One thing I like about the U.S is the political talk shows. Mixing humor and ridicule with politics seems like a natural evolution of analysis, some things just have to be scoffed at publically. Recently, of course, Sarah Palin expectedly played right into that trap. And when that happens sometimes you see America at its best: it is a torrent of merciless, relentless, provocative, ironic, sarcastic, continuous criticism. And more than anything else: its entertaining.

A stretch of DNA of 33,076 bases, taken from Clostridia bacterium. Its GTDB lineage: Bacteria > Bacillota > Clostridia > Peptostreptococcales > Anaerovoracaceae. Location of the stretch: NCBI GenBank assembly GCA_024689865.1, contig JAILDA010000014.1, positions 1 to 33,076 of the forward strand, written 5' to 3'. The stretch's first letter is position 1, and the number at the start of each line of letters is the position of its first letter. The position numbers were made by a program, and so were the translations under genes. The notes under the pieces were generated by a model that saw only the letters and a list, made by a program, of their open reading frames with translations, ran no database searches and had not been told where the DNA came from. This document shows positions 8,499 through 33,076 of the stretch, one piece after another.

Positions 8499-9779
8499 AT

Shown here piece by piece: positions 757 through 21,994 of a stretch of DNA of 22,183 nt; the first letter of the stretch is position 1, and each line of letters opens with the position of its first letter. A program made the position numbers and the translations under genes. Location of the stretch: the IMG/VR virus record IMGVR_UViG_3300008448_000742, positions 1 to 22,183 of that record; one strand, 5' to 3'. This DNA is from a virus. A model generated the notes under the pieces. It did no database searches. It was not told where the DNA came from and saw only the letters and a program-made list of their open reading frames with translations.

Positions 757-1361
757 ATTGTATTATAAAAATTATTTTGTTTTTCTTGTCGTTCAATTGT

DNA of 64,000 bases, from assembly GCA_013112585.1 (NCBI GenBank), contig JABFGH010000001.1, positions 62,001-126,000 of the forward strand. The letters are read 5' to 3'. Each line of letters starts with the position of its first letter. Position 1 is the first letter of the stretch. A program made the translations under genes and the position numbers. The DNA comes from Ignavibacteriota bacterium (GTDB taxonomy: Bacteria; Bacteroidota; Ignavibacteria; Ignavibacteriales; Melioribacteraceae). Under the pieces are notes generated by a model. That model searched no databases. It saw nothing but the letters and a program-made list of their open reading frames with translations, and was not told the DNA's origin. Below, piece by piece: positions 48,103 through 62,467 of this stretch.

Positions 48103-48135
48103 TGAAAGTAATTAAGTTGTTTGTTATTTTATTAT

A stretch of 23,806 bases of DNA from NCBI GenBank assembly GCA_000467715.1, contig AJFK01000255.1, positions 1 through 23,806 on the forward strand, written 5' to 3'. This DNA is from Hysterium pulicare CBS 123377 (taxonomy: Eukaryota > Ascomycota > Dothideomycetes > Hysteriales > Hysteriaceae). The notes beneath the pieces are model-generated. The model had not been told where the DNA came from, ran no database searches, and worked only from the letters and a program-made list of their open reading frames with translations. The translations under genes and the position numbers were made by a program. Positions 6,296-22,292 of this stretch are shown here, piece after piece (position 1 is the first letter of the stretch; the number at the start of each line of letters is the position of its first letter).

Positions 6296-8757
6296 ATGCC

I realised yesterday when I was watching Bill Maher's show that I take some things for granted about America. Sure you can say whatever you want on T.V here, I know that. But every once in a while i have to remind myself that this is the potential vice president we're talking about and if McCain gets voted, everyone will know its OK to call the vice president a "moron". I find it difficult to size up these things sometimes. Sure, we all called Bush a dumbass, but what sort of change did that bring about, he seemed to do whatever he wanted to anyways. American democracy is entirely self serving. And at what it does, perhaps it meets that end. And I guess theoretically any regime or political structure is not supposed to be anything other than self serving. but the trick with the u.s is that its decisions somehow affects three quarters of the rest of the worlds population. so what do I, living in an authoratitive regime thats "friendly" gain knowing that Palin is publically mocked and insulted, when whatever US government that does come in power has no real interest in changing the status quo where Im from? If anything it will directly involve in maintaining it, particularly in Egypt. Is it enough for me to gain satisfaction just from knowing that somewhere out there on god's green earth populations can crucify their leaders? Well. somehow its refreshing to watch. but its also frustrating because directly and indirectly, subversively, openly, covertly, legitimately and illicitly, whatever moron or dirtbag, or whatever hero, will have an influencing hand in the conditions of my country and my politics ultimately playing a role in deeming me yet again, another battling spectator.